On a flight to retirement
A Mossburn pilot with an enviable safety record is retiring after more than 40 years in the air and trading his flying helmet for a fishing cap.
Former Airspread South pilot/ owner Bob Cleland has clocked up 31,128 hours during his 40 years with no major incidents - an impressive effort considering he estimates 70 per cent of his flying was done less than 60 metres off the ground.
Mr Cleland began commercial fixed-wing flying in October 1973 and started topdressing in March 1974, first in Gore, then from Mossburn in 1976 for Phoenix Aviation.
In late 1978 he worked for Takahe Helicopters based in Mossburn, carrying out deer recovery. With live deer prices collapsing he returned to topdressing for Central Aviation under Mt Cook Airlines, before flying helicopters at Franz Joseph for three years.
When Mt Cook withdrew from agricultural work he flew for Jim Love, of Central Airspread, from 1987 out of Mossburn.
In 1991 he and wife Elspeth set up Airspread South.
"I always wanted to be a pilot, doing basic training and up to commercial at Southern Districts Aero Club in Gore, funding my flying at weekends by working at Mataura freezing works at $1 an hour, " he said. "I have consistently flown Ag-wagons, a Fatman and variants of Fletchers from 300 to 550 horsepower.
"Days started one and a quarter hours before daylight, home about 6pm and phone work finished by 9.30pm, " he said.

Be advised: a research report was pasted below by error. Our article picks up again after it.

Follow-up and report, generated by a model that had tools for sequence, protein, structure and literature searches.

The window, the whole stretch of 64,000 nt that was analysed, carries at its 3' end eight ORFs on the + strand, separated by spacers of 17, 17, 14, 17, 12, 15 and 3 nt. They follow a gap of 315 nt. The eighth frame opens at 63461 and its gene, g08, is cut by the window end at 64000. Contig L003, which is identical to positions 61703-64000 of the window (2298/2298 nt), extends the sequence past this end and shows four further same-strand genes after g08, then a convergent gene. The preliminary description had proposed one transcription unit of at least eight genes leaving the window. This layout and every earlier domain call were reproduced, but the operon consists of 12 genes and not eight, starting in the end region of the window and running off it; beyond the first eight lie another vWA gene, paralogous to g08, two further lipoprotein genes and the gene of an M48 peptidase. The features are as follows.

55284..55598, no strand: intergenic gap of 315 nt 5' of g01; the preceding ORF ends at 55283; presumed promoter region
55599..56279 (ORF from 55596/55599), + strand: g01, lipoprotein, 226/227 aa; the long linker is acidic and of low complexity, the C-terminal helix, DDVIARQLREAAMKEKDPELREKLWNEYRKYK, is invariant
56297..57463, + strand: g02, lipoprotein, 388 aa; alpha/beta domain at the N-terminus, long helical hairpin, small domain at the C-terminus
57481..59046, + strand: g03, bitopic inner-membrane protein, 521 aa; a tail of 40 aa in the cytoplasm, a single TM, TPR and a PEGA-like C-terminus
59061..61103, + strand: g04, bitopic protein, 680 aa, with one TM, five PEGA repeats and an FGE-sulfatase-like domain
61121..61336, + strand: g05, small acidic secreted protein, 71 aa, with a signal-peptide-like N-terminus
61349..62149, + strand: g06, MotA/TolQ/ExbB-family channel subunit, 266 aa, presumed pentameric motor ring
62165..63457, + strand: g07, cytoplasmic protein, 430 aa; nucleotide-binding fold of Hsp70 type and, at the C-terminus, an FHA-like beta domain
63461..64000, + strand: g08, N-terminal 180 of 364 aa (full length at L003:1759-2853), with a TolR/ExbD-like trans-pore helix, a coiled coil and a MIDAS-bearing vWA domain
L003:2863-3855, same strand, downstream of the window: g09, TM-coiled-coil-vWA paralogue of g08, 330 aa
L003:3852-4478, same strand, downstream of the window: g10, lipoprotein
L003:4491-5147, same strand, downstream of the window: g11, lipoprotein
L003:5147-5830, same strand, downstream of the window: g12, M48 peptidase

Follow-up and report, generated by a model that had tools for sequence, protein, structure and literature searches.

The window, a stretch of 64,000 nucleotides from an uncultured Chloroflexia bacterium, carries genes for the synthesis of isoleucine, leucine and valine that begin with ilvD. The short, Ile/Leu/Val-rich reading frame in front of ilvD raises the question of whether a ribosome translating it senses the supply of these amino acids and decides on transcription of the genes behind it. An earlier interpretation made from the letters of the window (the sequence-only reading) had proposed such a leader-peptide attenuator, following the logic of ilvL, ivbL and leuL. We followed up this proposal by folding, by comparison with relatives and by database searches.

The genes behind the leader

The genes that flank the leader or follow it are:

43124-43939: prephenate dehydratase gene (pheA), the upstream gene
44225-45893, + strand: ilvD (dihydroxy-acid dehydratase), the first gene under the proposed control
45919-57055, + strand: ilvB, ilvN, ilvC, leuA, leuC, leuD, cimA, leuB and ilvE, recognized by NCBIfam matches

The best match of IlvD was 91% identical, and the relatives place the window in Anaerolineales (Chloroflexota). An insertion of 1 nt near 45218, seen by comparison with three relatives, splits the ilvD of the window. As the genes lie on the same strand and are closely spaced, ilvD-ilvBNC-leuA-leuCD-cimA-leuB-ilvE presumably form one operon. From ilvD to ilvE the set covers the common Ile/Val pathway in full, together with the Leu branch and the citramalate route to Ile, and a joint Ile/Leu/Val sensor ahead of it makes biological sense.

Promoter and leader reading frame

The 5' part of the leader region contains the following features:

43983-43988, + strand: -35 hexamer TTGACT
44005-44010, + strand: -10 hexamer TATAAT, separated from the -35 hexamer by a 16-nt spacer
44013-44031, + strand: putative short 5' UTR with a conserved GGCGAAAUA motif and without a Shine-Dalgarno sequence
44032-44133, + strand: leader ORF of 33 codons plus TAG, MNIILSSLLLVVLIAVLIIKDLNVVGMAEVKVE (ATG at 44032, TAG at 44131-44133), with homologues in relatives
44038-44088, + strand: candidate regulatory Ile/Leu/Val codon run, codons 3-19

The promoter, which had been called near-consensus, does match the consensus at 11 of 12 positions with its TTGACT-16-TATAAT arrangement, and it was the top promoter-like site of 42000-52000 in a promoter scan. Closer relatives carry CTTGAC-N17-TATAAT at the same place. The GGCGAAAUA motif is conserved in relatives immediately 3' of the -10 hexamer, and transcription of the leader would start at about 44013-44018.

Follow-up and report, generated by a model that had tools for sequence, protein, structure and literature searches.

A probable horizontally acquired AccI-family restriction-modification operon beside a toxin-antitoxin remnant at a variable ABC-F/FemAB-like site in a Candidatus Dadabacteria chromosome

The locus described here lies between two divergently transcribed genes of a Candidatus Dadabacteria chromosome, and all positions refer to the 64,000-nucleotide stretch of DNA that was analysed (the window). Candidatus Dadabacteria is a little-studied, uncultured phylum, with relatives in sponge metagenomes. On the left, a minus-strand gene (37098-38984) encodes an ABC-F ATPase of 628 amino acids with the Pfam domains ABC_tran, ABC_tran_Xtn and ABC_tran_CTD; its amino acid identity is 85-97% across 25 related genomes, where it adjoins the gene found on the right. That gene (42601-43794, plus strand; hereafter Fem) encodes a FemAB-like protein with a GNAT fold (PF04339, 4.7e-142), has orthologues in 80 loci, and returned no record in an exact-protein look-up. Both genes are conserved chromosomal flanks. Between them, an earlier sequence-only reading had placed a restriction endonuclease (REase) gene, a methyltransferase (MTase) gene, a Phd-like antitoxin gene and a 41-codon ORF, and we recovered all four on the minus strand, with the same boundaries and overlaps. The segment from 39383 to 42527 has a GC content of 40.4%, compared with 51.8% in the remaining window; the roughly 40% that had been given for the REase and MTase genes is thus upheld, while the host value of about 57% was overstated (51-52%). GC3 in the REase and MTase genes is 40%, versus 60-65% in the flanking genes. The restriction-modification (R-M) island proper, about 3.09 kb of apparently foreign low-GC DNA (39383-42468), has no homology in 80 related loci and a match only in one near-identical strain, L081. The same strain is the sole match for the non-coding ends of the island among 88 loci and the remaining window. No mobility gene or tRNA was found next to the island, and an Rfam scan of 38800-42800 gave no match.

"Major four-yearly overhauls and regular maintenance every 100 hours meant few aircraft issues."
He has seen considerable change in the industry over the years, with noticeable increases in lime going on to hill country, grazing extending in to hill country, and marked improvements in pilots' safety culture, with fewer fatalities.
"The loyalty of clientele and great job satisfaction in seeing properties improve, with sometimes three generations of families on them were highlights, " Mr Cleland said.
The business has been sold to Richard McBride, who trained under Mr Cleland.
Earlier this year, Mr Cleland received an award from the New Zealand Agricultural Aviation Association in "recognition of outstanding services to ag aviation by training and mentoring topdressing pilots", awarded to only one person each year, which highlights the esteem with which he is held in the industry.
"This involves listening and advising young pilots, " he said. "I wrote a pilot's guide for low level agricultural flying in hill country, Level the Odds, which is used nationally and internationally."
Retiring in good health, he plans to spend more time hunting and fishing as well enjoying the company of his three grandchildren.